Lynn Renwick would agree. Renwick runs a drop-in to help lonely youth in Newcastle, England in the summer, “Loneliness is not just an issue for older people in our community and many young people come to us for help to socialise with other young people." She said in an article for NE Connected online.

References:

  • 2016. Is Loneliness a Rising Epidemic in Young People? friendmatch.com [News]
  • Sheridan M. Anxiety & Depression – Chemical Imbalance or Dietary Disaster? coachmikeblogs.com [News]
  • Heid M. 2019. Depression and Suicide Rates Are Rising Sharply in Young Americans, New Report Says. This May Be One Reason Why. time.com [News]
  • Ducharme J. 2019. U.S. Suicide Rates Are the Highest They've Been Since World War II. time.com [News]

Miscellaneous[edit | edit source]

Blackpill

Philosophy

Biological essentialismEugenicsAnti-EnvironmentalismTraditional conservatismFatalismBlackpillScientific BlackpillScientific Blackpill (Supplemental)Behavioral sinkHypergamyMatthew effectBeautyFisherian runawayDominance hierarchyIntrasexual competitionJ. D. UnwinSexual sublimationFemale subordinationOnline datingPhysiognomyPersonality

Marriage

SlutMonogamyMarriageArranged marriagePolygynyPolyandry

Anti-Lookism

LookismPuahate.com

Pills

BlackpillRacepillHeightpillDickpillBaldpillShitpillDogpillBirdpill

It's over

Cope or ropeCopeLay down and rotInbreeding depressionOutbreeding depressionMutationAtavismReproductive successDemographics of inceldomCauses of inceldomAdverse effects of inceldomEvolutionary mismatchBehavioral sink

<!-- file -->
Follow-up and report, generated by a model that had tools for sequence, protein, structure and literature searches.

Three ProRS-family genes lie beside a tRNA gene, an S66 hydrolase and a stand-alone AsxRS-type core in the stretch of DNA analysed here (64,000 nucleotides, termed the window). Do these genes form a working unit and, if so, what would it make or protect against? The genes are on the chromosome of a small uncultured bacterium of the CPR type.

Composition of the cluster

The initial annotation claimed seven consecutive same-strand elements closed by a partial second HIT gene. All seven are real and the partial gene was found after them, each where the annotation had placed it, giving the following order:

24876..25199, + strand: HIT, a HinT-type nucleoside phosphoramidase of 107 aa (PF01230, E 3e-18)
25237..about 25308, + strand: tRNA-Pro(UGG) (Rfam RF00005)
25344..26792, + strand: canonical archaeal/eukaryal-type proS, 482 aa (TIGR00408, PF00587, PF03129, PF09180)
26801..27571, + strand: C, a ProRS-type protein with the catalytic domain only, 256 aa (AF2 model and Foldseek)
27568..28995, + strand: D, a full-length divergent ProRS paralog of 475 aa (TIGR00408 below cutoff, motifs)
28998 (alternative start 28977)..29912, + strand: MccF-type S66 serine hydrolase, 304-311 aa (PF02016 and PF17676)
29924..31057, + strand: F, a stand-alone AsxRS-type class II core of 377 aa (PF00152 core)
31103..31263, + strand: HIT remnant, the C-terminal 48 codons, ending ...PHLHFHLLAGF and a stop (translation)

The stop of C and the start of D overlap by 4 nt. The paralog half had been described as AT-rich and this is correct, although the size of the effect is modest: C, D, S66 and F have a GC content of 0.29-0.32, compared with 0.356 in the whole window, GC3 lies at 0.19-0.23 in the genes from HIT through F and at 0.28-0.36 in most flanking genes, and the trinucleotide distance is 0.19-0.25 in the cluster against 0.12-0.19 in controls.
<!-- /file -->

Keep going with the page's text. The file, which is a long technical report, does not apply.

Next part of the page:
Redpill

Game

GameRomanceCourtshipNeggingSMVBeautyCharismaOrbiterBullyingLMSPUAAssholeTalk therapyIOIDominance hierarchyIODSocial circleSlayerN.L.POffline dating

Personality

NeurotypicalCoolCharismaStoicAssholeDark triadNice guyApproach anxietyConfidenceAsperger's SyndromeIQRationality

Pick Up Artists

Ross Jeffriesr/TRPReal Social DynamicsRooshVOwen CookPlayer SupremeWinston WuList of people in the seduction community

Sexuality

HypergamyCasual sexPump and dumpRapeSexual harassmentBodyguard hypothesisBetabuxReproductive successSexual envySex driveBateman's principleFemale passivitySexual conflictSlutPaternity assuranceFeminine imperativeNonredamancyAdverse effects of inceldomMaslow's hierarchy of needsHomosexualityHomocel hypothesisDemographics of inceldomPolygynyPolyandryMonogamyMate guardingIntrasexual competitionFisherian runawayCreepiness

Other theories

Timeless quotes on womenFemales are socially ineptWomen-are-wonderful effectGynocentrismMatthew effectApex fallacyClown worldFeminismSexual revolutionFemale subordinationFemale hypoagencyFemale solipsismFemme fataleBriffault's lawJuggernaut lawHalo effectVariability hypothesisAntifragilityTriggeredScientific BlackpillScientific Blackpill (Supplemental)Evolutionary mismatchMutationBehavioral sinkPolitical correctness‎Affirmative actionVirtue signalingEugenicsEnvironmentalismMale scarcity